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EPA Settles Complaint With San Fernando Refrigeration Company For $37,000

Release Date: 1/29/2004
Contact Information: Francisco Arcaute, U.S. EPA, (213) 452-3378

     LOS ANGELES -- The U.S. Environmental Protection Agency recently reached a $37,415 settlement with Anthony International, a manufacturer of commercial refrigeration products, for failing to report the use of toxic chemicals at its San Fernando, Calif. facility.
     Anthony International, also known as Anthony, Inc., used over 10,000 lbs of ammonia and methanol in 2001 and 2002.  Federal community-right-to-know laws require companies using more than 10,000 pounds of these chemicals in a year to report their usage to the EPA and the state.

     Ammonia and methanol are suspected gastrointestinal, neurological, skin/sense organ, and respiratory toxicants, with methanol also suspected as a kidney and developmental toxicant.  Exposure may cause adverse effects on these systems.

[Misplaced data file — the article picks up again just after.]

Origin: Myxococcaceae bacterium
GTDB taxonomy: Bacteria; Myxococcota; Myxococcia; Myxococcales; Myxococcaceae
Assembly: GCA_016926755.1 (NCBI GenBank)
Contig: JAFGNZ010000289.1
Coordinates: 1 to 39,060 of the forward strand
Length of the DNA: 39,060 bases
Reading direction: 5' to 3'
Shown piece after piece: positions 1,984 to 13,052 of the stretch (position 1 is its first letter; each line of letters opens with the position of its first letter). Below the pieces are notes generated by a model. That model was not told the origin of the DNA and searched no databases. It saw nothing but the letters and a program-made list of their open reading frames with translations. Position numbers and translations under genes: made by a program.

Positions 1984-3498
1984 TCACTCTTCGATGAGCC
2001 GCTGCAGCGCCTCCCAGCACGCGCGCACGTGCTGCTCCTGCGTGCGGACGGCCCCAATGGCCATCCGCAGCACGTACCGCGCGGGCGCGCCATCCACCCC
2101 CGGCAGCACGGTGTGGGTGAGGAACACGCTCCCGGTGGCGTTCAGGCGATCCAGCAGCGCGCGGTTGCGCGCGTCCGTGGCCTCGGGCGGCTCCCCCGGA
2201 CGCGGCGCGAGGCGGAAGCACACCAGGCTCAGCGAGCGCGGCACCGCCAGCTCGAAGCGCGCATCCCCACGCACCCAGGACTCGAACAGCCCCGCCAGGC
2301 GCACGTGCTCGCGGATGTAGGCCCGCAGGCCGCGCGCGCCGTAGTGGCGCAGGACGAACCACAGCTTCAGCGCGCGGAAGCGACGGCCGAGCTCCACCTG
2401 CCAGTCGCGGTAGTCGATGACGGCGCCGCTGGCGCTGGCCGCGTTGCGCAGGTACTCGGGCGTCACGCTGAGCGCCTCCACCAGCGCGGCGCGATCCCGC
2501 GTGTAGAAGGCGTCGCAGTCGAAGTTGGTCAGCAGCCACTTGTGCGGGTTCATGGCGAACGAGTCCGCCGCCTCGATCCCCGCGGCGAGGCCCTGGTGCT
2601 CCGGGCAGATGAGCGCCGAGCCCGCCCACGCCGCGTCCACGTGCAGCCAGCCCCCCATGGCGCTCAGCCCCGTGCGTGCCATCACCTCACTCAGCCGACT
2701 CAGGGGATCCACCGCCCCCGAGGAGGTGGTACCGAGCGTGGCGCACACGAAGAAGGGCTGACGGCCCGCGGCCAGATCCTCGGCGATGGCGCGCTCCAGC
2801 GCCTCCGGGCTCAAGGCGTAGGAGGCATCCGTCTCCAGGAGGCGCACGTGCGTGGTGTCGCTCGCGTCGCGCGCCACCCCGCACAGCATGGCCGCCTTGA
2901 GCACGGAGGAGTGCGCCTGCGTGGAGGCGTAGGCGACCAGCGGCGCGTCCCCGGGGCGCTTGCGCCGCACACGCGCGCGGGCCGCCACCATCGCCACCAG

"These right-to-know reports give local citizens valuable information on chemicals being released in their communities," said Enrique Manzanilla, the EPA's regional Cross Media Division director for the Pacific Southwest region.  "This penalty should remind others that we are maintaining a close watch over chemical reporting practices and are serious about enforcing community right-to-know laws."

     Federal law requires certain facilities using chemicals over certain amounts to file annual reports of chemical releases with the EPA and the state. The reports estimate the amounts of each toxic chemical released to the environment, treated or recycled on-site, or transferred off-site for waste management.  Information is then compiled into a national database and made available to the public.

     Each year the EPA publishes a report entitled the Toxic Release Inventory (TRI) Public Data Release, which summarizes the prior year's submissions and provides detailed trend analysis of toxic chemical releases.  For more information on the program, visit   The U.S. EPA's environmental databases, including TRI data, can be accessed at: